The Knowns and Unknowns Framework helps classify concepts and open questions. The matrix consists of 4 categories: “Known Unknowns”, “Known Knowns”, “Unknown Unknowns” and “Unknown Knowns”. If a concept is in the area of “knowns”, there should already be enough research or data that can be trusted. It is an easy one to build on. For everything that does not fall into this area, however, it is called: time for validation!
- What is the topic I want to analyze with the help of the Knowns and Unknowns Framework? Is it a product idea, a concept, or a problem that needs to be solved?
- Think about whether the concept or problem that you are trying to solve is in the realm of the known or unknown.
- Known Unknowns: This includes any subject that you are aware exists, but don't know anything about.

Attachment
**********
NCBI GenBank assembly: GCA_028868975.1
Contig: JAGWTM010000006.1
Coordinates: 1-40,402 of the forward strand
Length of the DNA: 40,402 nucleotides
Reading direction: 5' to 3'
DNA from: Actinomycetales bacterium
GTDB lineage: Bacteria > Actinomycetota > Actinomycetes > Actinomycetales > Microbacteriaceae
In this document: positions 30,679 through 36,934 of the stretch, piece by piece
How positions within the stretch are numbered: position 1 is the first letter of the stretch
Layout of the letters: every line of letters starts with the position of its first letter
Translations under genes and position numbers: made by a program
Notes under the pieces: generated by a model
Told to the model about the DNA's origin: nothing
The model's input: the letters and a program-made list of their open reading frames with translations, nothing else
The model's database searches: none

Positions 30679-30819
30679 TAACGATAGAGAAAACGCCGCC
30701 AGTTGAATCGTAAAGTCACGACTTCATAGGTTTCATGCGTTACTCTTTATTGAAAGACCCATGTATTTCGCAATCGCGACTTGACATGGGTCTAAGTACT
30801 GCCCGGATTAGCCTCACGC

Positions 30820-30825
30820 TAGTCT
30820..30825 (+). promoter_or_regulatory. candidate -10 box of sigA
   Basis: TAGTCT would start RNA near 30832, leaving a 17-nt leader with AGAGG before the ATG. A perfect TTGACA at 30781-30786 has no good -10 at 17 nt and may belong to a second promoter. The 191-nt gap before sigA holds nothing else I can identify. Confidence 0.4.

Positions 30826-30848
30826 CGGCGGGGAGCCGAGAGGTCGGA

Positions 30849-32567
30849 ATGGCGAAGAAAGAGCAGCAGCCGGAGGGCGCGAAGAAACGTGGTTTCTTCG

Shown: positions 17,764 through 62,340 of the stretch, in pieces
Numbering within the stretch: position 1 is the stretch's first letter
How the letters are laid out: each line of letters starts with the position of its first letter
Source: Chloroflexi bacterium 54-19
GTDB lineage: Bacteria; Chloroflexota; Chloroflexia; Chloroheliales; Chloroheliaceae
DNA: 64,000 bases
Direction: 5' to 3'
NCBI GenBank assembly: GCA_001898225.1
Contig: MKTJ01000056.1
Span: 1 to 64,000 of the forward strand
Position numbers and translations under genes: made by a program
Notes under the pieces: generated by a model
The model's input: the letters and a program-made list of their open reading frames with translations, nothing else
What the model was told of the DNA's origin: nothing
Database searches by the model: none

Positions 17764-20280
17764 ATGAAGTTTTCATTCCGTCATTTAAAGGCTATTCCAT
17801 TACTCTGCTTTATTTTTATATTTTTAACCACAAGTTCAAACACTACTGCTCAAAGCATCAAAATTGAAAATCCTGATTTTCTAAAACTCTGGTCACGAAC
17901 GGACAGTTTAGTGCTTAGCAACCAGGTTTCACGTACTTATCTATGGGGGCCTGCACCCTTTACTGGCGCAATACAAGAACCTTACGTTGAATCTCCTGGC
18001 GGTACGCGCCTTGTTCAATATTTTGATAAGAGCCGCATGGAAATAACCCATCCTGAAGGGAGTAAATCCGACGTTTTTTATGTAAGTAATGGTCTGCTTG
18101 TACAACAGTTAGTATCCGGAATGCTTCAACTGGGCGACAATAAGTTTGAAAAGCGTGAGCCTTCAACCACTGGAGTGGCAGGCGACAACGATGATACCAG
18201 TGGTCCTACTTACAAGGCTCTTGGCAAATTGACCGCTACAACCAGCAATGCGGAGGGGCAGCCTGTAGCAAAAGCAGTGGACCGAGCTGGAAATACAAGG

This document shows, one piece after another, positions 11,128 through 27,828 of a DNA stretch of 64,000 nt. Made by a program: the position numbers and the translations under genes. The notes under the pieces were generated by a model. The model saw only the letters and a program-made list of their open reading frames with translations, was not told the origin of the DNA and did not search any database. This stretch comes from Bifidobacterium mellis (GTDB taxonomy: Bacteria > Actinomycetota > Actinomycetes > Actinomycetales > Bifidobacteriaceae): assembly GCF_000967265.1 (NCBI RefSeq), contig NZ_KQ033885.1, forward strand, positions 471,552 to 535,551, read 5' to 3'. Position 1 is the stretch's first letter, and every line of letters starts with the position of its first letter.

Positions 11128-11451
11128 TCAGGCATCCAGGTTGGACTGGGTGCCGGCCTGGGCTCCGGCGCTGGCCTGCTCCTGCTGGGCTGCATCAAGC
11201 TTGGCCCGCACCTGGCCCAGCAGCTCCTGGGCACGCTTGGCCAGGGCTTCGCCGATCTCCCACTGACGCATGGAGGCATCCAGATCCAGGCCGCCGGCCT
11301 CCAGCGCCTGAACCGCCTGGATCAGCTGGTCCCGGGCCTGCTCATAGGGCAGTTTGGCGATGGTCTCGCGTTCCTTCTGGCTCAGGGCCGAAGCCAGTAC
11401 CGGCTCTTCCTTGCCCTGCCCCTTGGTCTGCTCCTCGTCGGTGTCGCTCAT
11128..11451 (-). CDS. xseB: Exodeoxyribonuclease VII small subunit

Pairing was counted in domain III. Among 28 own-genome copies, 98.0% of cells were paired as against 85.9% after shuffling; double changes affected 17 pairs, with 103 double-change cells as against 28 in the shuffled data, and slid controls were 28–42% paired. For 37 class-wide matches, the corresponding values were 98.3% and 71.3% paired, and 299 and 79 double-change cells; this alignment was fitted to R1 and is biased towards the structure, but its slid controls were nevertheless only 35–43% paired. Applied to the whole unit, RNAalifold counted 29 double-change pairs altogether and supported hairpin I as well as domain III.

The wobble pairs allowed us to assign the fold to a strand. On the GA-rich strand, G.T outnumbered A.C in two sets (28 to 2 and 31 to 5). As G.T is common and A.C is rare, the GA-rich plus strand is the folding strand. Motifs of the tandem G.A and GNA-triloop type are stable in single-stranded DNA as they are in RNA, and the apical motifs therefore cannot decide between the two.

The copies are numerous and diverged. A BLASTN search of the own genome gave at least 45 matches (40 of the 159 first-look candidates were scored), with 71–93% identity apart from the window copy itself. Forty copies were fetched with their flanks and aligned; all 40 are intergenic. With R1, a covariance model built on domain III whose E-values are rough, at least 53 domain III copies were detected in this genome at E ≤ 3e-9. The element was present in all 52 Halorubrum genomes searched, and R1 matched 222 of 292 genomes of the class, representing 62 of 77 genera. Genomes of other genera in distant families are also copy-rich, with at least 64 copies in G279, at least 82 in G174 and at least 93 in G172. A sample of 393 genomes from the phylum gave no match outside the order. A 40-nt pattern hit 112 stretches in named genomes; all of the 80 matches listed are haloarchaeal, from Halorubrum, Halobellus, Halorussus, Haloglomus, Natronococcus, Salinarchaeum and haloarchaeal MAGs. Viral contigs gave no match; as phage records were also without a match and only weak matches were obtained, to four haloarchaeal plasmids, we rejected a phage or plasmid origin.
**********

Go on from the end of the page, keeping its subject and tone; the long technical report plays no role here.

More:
- Known Knowns: Things that we both understand and are aware of.
- Unknown Unknowns: Things of which we are not aware, and of which we know nothing. This is where a team often stands at the beginning of a new project. E.g., a certain user group is restricted in their everyday life by a condition of which the team, the UX researcher, and others were not aware. To get to the bottom of the problem, more research is needed. Only then an “unknown unknown” subject can become a “known unknown” subject.
- Unknown Knowns: Everything that is understood, but of which one isn't aware of.
- Internalize the positioning of the upcoming tasks and make sure that they are processed according to their urgency and importance. If you want to have the to-dos in front of your eyes at all times, print out the matrix and hang it in the workspace. This way, completed tasks can be removed and new tasks can be added and arranged.